It is one of several of his works depicting a Western woman dressed in Asian clothes, shown in an Asian environment. Spartali's father refused to buy the painting, so it was first exhibited at the Paris Salon, then at Gambart’s French Gallery in London. It came into the possession of Whistler's friend Dante Gabriel Rosetti, who looked after it until his return from South America. It was then sold by Joanna Hiffernan, who was Whistler's lover and muse. The buyer is thought to have been Frederic Huth. The painting was returned to Whistler in 1867.

Several years later British shipping magnate Frederick Richards Leyland bought the Princess, Whistler suggested he modify the colour of the room to better suit the painting. The room had a large collection of KangXi ceramics. Leyland had employed Jekyll to do the remodelling of his dining room, but Jekyll fell ill and was unable to continue at the time, so Whistler was asked to step in. His ideas clashed with Leyland's and resulted in a quarrel between the two. However, this is how the Peacock Room came into being. Whistler is reported to have said to Leyland, 'Ah, I have made you famous. My work will live when you are forgotten. Still, per chance, in the dim ages to come you will be remembered as the proprietor of the Peacock Room.'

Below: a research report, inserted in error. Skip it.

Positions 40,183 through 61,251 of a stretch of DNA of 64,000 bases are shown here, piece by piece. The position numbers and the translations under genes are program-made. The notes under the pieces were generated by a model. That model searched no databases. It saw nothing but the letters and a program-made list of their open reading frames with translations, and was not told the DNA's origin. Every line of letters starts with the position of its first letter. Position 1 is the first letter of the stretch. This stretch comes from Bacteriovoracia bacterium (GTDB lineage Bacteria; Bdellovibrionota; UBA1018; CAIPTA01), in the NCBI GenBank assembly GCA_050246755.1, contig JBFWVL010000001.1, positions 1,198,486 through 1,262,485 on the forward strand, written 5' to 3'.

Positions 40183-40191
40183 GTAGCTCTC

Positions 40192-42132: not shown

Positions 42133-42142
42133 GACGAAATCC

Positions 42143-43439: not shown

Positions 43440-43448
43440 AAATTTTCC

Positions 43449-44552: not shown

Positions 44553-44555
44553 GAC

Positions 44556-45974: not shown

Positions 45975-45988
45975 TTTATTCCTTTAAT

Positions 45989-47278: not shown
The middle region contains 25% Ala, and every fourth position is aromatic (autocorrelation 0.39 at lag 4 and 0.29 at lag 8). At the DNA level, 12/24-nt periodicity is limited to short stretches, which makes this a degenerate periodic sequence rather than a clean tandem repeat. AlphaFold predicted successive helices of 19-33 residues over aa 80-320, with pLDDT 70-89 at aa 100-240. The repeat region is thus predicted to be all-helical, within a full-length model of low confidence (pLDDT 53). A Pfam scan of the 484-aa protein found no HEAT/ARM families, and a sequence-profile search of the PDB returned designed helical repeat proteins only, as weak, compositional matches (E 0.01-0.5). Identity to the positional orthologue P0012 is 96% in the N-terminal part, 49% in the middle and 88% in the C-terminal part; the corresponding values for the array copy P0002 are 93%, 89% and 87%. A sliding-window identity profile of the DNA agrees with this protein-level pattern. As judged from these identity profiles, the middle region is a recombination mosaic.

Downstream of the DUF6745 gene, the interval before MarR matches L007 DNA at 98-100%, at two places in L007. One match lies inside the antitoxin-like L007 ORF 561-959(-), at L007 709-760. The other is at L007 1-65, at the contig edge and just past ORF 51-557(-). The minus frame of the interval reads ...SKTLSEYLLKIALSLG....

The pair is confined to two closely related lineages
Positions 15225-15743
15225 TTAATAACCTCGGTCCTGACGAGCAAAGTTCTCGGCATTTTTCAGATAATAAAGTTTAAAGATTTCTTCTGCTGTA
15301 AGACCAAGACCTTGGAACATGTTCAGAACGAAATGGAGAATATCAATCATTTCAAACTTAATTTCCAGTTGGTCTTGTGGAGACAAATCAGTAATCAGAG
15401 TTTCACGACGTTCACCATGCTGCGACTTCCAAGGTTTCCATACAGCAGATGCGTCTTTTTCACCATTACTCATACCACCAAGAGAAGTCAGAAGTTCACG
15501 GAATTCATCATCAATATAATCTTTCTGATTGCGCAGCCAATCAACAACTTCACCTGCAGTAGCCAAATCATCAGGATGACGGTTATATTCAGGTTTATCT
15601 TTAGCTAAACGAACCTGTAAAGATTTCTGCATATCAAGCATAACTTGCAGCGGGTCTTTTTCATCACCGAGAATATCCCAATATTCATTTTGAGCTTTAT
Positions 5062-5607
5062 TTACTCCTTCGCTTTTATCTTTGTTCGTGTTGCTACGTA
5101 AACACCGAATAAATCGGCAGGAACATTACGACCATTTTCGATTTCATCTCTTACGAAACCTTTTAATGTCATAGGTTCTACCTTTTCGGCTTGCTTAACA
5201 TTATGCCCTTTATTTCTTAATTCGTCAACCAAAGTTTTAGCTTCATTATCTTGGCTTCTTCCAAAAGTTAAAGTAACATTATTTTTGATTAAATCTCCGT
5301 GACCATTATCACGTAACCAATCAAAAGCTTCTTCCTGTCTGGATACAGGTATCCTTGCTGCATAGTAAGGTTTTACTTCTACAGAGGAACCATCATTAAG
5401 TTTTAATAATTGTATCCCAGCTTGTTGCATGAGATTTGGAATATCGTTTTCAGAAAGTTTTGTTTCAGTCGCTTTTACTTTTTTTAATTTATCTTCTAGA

After Leyland's death in 1892, the painting was bought by Alexander Reid at Christie's in London, then sold to William Burrel. In 1903 the painting was bought by American industrialist and avid art collector Charles Lang Freer in Bond Street for £3,750, under the title of The Princess of Porcelain. He anonymously bought the entire contents of the Peacock Room in 1904 from Leyland’s daughter and her husband, to have it installed in his mansion in Detroit, Michigan. Freer died in 1919 and the Peacock Room was transported to the Freer Gallery of Art at the Smithsonian in Washington, D.C. In 1923, the gallery opened to the public. The Peacock Room has undergone renovation in 2016 and re-opened to the public in the summer of 2017. The painting has been installed above the fireplace.